Two ProPublica projects have been honored with the National Association of Black Journalists’ 2018 Salute to Excellence Awards.
“Lost Mothers,” a collaboration with NPR on the maternal mortality crisis in the U.S., won in the Digital Interactive News Story category. ProPublica reporters Nina Martin, Adriana Gallardo and Annie Waldman, along with NPR special correspondent Renee Montagne, explored the myriad reasons behind this crisis. Their body of work included an analysis of the social inequities that contribute to African-American women’s disproportionate rates of maternal mortality, as well as how unconscious biases throughout the medical system affect quality of medical care. Another piece used patient discharge data to document racial disparities at the hospital level, acquiring and analyzing inpatient records in New York, Illinois and Florida.
Another element of the series was a callout, asking people who knew someone who died or nearly died from pregnancy or childbirth-related causes to tell ProPublica their stories. Almost 4,500 readers responded, including 3,862 who said they had almost died themselves. These responses helped the reporters create a first-of-its kind database of mothers who died from pregnancy-related complications. NYU journalism graduate students Emma Cillekens and Alessandra Freita also contributed to the series. Citing “Lost Mothers,” state and local lawmakers around the country have adopted a flurry of bills aimed at reforming how maternal deaths are identified and investigated. The American College of Obstetricians and Gynecologists, which sets standards of care for obstetrician-gynecologists, also released sweeping new recommendations for improving maternal care, including guidelines for doctors to see new mothers sooner and more frequently and for insurers to cover the increased visits.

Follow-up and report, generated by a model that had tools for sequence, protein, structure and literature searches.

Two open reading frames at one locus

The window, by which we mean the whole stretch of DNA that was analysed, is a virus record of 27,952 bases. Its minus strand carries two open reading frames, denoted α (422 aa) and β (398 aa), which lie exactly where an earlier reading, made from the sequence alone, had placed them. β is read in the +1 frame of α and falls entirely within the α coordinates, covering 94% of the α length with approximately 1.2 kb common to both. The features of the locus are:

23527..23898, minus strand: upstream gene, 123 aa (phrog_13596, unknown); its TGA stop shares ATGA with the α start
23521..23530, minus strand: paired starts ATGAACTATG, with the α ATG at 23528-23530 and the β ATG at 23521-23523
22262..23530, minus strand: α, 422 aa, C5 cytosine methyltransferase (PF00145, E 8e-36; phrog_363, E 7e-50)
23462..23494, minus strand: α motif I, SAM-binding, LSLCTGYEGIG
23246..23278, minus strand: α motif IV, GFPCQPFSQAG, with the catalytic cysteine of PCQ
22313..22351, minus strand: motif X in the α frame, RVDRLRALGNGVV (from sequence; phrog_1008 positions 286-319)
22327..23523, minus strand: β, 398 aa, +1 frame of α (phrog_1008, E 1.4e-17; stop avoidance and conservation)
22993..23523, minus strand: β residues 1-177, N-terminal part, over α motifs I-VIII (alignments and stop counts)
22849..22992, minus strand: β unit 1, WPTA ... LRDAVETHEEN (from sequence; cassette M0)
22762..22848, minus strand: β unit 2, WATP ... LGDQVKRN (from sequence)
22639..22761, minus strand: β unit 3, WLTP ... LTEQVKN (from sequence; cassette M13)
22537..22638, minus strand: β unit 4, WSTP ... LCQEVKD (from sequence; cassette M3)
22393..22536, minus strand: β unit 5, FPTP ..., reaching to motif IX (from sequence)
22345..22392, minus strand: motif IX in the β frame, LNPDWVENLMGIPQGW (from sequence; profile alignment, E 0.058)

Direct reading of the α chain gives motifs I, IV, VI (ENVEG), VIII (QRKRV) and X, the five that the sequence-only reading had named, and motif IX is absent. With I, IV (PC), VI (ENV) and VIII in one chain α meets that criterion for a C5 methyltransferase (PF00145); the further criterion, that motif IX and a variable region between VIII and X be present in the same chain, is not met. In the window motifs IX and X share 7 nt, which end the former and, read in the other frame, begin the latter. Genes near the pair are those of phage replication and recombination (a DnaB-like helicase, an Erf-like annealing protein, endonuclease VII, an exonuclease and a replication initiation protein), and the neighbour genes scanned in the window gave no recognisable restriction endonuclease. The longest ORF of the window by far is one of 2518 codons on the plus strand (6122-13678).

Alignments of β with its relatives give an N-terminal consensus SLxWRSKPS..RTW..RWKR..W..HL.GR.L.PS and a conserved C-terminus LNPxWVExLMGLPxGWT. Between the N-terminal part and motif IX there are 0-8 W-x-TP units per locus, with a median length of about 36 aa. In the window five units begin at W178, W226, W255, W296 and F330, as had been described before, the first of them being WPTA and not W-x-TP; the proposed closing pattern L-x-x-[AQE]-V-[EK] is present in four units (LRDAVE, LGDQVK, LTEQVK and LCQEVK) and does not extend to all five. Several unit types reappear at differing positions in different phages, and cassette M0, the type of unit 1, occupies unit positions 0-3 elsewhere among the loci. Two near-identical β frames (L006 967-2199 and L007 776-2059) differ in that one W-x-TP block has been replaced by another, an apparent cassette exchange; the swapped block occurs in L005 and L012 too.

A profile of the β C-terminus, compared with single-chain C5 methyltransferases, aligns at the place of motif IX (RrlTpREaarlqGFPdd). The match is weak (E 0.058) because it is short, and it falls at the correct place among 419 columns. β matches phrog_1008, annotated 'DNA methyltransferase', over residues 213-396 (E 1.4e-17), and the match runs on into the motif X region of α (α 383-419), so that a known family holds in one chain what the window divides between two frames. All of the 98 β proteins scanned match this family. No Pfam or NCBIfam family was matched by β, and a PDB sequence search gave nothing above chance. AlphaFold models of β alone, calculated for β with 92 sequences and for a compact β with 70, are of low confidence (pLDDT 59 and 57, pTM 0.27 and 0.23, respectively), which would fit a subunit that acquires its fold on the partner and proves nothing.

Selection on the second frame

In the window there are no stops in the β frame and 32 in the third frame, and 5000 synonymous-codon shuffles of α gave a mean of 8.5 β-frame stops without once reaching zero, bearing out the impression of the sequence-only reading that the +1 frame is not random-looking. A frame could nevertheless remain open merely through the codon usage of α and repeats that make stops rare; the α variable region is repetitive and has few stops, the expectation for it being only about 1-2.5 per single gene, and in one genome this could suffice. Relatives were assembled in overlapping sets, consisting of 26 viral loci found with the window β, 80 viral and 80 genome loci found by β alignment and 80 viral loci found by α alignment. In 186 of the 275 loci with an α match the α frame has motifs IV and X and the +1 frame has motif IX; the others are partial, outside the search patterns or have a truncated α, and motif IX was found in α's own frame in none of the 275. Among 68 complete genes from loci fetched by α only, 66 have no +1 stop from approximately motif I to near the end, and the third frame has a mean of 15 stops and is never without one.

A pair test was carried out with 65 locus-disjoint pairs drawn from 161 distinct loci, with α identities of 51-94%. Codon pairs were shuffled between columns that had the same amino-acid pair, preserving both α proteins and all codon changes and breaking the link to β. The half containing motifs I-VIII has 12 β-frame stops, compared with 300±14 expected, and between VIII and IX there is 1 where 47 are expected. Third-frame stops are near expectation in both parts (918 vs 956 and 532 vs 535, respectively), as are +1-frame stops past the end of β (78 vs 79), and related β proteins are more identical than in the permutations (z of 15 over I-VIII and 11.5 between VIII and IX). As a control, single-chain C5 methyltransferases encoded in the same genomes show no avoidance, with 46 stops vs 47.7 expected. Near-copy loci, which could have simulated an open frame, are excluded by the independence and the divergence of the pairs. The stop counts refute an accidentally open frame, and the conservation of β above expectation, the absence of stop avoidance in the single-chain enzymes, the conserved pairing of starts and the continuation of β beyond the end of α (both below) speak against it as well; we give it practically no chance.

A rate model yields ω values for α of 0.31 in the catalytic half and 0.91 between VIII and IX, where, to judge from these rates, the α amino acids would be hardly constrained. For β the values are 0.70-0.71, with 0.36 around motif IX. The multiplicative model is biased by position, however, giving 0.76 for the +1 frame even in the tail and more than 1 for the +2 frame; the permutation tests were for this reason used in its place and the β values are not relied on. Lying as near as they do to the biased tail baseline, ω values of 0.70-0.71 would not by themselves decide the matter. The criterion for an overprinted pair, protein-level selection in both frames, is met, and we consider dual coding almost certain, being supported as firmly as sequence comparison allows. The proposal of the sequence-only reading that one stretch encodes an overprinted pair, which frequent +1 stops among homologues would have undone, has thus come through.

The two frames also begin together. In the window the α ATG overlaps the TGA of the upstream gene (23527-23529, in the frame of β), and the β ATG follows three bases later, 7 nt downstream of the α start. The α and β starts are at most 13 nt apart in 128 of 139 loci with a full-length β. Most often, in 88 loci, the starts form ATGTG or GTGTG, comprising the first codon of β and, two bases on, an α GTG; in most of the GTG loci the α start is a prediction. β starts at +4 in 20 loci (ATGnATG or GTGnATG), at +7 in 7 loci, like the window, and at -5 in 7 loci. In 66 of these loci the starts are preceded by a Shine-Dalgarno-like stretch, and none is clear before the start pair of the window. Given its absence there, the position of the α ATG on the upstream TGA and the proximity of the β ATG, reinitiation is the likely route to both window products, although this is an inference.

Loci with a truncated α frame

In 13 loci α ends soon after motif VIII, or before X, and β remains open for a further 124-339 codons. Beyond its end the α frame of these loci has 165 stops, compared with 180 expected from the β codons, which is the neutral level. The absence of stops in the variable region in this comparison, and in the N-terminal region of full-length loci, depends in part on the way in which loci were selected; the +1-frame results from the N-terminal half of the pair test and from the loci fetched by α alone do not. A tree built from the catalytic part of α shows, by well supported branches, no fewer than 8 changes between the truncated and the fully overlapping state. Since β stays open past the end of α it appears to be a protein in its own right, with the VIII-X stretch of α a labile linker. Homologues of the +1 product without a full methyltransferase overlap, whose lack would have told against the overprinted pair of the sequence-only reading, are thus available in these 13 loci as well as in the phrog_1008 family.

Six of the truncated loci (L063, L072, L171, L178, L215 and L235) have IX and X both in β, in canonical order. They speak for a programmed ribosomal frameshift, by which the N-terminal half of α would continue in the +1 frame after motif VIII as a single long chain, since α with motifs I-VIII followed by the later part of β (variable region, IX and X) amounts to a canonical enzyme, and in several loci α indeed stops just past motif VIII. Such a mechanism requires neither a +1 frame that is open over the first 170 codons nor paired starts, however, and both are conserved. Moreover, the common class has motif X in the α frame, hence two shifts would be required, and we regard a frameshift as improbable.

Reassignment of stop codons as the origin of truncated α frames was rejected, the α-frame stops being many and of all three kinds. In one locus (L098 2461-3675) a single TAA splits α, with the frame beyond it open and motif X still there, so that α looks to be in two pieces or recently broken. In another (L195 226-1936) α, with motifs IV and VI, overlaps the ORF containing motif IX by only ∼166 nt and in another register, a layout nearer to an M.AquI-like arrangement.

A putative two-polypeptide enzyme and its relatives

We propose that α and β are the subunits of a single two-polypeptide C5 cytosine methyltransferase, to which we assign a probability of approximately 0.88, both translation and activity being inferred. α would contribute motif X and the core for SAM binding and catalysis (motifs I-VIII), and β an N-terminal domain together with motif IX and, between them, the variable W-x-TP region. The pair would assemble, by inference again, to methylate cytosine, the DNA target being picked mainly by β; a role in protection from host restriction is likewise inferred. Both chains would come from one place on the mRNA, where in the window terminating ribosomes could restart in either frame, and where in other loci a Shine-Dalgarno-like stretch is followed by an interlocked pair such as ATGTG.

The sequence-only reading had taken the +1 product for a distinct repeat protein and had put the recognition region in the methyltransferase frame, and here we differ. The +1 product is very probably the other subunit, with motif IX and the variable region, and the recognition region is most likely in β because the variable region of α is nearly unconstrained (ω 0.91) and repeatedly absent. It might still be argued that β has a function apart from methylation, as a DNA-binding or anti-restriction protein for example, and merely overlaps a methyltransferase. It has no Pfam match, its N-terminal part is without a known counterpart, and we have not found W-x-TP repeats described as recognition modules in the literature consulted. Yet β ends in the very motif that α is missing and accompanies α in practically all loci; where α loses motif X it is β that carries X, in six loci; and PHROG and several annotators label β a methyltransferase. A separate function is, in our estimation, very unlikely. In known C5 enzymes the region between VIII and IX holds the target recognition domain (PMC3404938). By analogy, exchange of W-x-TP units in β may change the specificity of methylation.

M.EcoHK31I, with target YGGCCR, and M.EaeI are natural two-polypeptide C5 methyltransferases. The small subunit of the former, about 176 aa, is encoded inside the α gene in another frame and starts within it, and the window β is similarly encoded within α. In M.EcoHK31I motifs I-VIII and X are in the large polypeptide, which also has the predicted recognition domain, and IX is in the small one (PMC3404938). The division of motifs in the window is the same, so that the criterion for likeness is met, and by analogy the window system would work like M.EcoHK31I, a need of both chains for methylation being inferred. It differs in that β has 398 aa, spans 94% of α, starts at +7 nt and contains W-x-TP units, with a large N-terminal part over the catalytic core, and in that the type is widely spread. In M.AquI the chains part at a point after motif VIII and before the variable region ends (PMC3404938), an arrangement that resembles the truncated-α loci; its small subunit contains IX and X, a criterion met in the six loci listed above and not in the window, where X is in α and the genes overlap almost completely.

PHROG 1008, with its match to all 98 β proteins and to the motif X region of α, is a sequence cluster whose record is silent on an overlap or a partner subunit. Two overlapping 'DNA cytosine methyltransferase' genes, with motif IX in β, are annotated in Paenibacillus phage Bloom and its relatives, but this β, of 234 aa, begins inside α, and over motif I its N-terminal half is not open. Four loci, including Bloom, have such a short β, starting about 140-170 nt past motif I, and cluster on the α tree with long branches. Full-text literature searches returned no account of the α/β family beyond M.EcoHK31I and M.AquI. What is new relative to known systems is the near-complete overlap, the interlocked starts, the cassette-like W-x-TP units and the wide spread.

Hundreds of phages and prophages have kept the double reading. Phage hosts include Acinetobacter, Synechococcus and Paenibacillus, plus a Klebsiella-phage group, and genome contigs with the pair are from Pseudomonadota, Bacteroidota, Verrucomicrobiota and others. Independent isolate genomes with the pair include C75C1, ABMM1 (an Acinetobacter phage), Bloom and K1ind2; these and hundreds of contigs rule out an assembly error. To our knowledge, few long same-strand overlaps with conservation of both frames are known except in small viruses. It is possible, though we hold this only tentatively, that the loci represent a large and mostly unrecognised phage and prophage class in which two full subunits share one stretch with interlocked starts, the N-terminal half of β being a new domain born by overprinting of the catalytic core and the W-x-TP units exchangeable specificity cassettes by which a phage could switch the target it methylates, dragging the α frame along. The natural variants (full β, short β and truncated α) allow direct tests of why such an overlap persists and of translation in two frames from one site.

“Walking While Black,” a joint investigation with the Florida Times-Union, won in the Online News Project category. Led by ProPublica reporter Topher Sanders and Florida Times Union reporter Ben Conarck, the story examined Jacksonville, Florida’s enforcement of pedestrian violations in showing sharp racial disparities in who gets stopped and penalized. ProPublica’s Lucas Waldron, Ranjani Chakraborty and Kate Rabinowitz also contributed to the series.
Sanders and Conarck found that black residents were overrepresented, receiving 55 percent of all pedestrian tickets in Jacksonville while accounting for only 29 percent of the population. They also staked out downtown locations to witness dozens of uniformed officers violating the same pedestrian laws for which their agency issued citations.
The investigation prompted the sheriff to seek guidance from the local state attorney on whether his officers were properly interpreting the statutes, and he ordered officers to cease writing erroneous tickets for pedestrians who did not have ID on them. The sheriff’s office also initiated bias training for officers who work in Jacksonville’s predominantly black communities, and state transit experts said the articles armed them with additional evidence for rewriting Florida’s pedestrian statutes.
A full list of NABJ Salute to Excellence Award winners can be found here.